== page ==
Indeed, a proactive approach to get all stakeholders involved from the beginning should serve as a model for more decisions made by the city, whether they are about sound, zoning, or affordable housing. New Orleans has fought hard to come back since hurricane Katrina, we’ve worked hard to build a stronger and safer city, and the work continues to build a city of expanded opportunity and equity. Without transparency and inclusion, those goals will remain out of reach. We cannot let those groups who are threatened by fair, open processes derail positive changes to our city and our culture. New Orleans deserves better.
True to our predictions, Stuart Smith called for the City Council to fire acoustician Dave Woolworth, who recently had his contract renewed to continue work providing recommendations about the revision of New Orleans’ sound ordinance. According to Smith, Woolworth has ethical conflicts because he worked with and shared a draft of his report with several Bourbon Street bar owners. Smith also calls MaCCNO members ‘vastly uninformed’ and ‘manipulated’. Though Smith is claiming Woolworth had a conflict of interest, he was also one of 5 reviewers of Woolworth’s report, and was also engaged in a number of lawsuits against music venues at the time. Expect more attempts at character assassination from Smith and Cheron Brylski soon.
You can still register to vote in the run off election until February 12th at 4PM. If you have a Louisiana ID, you can register online, if you don’t you need to go to City Hall with a picture ID and proof of residency (a utility bill will suffice). This is going to be an important election for the future of live entertainment in New Orleans, and turn out is expected to be low. Your vote matters!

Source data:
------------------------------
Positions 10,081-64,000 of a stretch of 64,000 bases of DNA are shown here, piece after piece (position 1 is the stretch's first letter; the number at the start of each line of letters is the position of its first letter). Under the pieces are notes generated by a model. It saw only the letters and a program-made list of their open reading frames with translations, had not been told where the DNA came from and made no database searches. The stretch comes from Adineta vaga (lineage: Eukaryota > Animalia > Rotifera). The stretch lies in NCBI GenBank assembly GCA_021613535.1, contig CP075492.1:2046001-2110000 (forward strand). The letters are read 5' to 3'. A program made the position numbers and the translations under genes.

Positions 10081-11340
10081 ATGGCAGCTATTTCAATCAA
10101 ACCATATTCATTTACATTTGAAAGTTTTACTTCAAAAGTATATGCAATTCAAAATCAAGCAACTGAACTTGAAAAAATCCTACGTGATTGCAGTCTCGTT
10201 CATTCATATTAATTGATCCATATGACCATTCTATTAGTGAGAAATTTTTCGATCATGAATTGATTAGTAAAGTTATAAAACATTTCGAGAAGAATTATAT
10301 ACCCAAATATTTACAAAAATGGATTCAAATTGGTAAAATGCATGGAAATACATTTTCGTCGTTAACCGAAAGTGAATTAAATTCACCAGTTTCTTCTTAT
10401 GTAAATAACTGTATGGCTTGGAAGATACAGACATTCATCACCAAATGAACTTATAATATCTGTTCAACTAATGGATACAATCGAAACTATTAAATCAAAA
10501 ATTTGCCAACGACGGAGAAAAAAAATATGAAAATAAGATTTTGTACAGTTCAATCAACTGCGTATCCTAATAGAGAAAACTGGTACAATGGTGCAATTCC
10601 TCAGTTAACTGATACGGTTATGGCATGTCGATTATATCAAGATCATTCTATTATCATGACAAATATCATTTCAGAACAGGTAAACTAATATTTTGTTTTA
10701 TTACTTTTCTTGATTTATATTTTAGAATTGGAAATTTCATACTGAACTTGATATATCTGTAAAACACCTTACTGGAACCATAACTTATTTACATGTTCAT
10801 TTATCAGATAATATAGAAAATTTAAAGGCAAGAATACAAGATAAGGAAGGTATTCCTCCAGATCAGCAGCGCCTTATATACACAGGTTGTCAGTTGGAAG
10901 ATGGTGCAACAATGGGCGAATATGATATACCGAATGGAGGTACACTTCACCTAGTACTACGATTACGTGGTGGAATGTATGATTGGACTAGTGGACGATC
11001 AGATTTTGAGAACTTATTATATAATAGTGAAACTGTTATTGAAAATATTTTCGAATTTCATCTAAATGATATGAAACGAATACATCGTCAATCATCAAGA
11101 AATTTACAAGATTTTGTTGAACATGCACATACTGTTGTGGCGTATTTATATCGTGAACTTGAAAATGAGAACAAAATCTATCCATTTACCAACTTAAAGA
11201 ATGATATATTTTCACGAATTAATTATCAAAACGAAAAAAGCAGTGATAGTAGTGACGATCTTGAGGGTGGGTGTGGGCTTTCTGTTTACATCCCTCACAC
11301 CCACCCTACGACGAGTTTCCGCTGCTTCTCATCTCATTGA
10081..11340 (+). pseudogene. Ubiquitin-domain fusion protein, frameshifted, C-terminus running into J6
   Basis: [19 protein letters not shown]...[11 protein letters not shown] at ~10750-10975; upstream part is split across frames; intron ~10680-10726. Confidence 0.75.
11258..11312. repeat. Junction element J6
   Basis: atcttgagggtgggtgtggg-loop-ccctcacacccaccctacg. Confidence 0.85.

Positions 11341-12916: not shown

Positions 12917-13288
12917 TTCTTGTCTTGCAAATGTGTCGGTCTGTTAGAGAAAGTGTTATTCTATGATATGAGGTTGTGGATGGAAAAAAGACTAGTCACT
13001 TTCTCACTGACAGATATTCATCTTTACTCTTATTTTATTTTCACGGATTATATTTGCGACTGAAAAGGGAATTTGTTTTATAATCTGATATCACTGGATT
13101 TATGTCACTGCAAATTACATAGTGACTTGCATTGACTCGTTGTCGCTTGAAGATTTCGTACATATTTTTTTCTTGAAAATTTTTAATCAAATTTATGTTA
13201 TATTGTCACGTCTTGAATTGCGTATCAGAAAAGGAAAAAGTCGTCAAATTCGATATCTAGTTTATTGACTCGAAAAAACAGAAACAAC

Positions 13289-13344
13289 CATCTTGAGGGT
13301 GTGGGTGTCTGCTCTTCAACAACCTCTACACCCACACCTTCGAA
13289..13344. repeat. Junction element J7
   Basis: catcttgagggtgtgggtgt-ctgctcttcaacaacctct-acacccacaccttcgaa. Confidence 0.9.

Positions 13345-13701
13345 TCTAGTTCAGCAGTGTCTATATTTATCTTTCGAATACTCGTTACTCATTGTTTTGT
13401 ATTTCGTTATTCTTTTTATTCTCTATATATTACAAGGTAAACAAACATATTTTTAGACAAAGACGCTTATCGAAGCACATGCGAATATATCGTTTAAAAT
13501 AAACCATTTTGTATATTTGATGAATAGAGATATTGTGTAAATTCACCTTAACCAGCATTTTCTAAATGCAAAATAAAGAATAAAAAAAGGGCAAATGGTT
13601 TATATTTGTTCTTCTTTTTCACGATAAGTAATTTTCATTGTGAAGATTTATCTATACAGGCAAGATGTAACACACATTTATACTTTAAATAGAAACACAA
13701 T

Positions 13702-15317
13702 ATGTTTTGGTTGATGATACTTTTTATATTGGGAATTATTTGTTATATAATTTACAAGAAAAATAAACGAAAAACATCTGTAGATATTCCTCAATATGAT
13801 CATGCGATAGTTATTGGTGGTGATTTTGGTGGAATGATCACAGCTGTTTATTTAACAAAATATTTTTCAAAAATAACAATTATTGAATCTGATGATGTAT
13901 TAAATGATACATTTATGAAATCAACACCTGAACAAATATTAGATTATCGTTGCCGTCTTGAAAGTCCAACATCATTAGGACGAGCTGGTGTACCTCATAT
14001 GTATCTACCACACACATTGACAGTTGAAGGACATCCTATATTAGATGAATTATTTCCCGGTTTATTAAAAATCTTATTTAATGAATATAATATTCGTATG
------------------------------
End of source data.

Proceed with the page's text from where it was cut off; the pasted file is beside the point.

You only have until February 12th (THIS WEDNESDAY) to register to vote in time for the runoff elections in March. Register online today and make your voice be heard.
Please note that today’s meeting at noon will take place at KERMIT’S MOTHER-IN-LAW LOUNGE.
As you are likely aware, New Orleans held a significant election on Saturday, February 1st. Mayor Landrieu, Councilmember at Large Stacy Head, District A’s Susan Guidry, District B’s Latoya Cantrell and District E’s James Gray all retained their seats, while Jared Brossett was elected in District D. More importantly–at least for the next two months–is the fact that there will be two Council seats holding run-off elections on March 15th. In District C, Jackie Clarkson will face Nadine Ramsey. For a fairly comprehensive look at their views on cultural issues, take a look at VCPORA’s candidate interviews, and for their views on the noise ordinance specifically, take a listen to this portion of Monday’s Angela Hill show. There will also be a run off between Cynthia Hedge Morrell and Jason Williams for the second at large seat. For a good analysis of the their race, check out this piece from the Uptown Messenger. We will be posting more information about their positions on cultural issues on our Facebook group as we receive it. For a complete list of election results, including races for Sheriff, etc., go here.